This well-dressed though dour couple, Mike Kelly and wife, were photographed by the Galway studio, Simmons, in the 1930s or 40s. The studio was run by R.W. Simmons and was located at 6 William Street. Simmons appears to have been quite an entrepreneur. In addition to photography, he also opened Galway’s first roller skating rink in 1910, a cinema in 1917 and was involved is all sorts of schemes including bee-keeping and running Galway’s Radio Society. He was also a member of the Galway Archaeological and Historical Society. His work has received some scholarly attention due to the fact that his studio was patronised by Nora Barnacle‘s family. His early photographs of her are some of the few surviving images from the years before she met James Joyce.
A perusal of the local newspapers reveals that R.W. Simmons became involved in many court cases including an action taken against him by another Galway photographer relating to the copyright of a photograph of the priest, Father Michael Griffin. Simmons sold photographs of the martyred priest despite the fact that Clement J. Leaper, took the images. Other court appearances included his failure to pay a plumber, illegally laying poison and building without planning permission.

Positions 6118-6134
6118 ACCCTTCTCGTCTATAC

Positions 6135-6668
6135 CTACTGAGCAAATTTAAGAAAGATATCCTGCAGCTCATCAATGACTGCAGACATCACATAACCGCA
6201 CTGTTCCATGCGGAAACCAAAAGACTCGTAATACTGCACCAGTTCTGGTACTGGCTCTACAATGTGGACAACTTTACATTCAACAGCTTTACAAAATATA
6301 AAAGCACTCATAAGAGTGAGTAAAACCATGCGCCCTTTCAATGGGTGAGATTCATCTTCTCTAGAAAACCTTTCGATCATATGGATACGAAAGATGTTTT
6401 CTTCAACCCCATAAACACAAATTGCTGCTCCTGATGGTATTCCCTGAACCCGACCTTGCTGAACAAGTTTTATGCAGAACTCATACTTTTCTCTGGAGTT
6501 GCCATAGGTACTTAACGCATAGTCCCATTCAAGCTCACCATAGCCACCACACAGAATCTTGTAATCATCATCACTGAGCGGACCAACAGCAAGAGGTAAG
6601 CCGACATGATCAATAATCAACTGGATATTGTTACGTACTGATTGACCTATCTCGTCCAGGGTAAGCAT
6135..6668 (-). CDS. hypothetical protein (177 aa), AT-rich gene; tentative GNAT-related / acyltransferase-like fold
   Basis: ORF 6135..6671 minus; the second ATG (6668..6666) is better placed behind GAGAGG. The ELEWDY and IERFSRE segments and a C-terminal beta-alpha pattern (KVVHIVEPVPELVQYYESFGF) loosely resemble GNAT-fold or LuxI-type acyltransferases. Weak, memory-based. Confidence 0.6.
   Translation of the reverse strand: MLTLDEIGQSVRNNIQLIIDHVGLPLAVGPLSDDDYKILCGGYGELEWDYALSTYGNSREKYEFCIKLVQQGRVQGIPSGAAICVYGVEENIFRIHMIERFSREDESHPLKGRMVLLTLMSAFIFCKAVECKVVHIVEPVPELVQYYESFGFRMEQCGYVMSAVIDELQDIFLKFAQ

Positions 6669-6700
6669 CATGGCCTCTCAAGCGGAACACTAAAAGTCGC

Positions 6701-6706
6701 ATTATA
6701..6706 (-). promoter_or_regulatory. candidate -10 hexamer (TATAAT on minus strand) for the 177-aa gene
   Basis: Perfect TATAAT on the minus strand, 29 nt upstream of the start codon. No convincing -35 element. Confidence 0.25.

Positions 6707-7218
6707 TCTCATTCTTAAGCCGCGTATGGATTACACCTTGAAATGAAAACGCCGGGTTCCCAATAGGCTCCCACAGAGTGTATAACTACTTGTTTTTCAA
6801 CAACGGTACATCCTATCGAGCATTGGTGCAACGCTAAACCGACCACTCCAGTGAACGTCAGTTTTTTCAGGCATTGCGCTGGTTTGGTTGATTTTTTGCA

Whatever the outcome of these cases his business survived until the 1950s and I love the advertisements he placed in the Connaught Tribune over the years. They include the following slogans: ‘Someone somewhere wants your photograph’ ‘The gift that only you can give – your photograph’ and my favourite ‘A bad photograph is too expensive at any price’! I wonder was this photograph commissioned in response to his notice which suggested sending a photograph to friends abroad for Christmas? This portrait ended up in the United States from where I purchased it earlier this year. It is hard to think that such a sombre image could be the one chosen to send to friends or family abroad.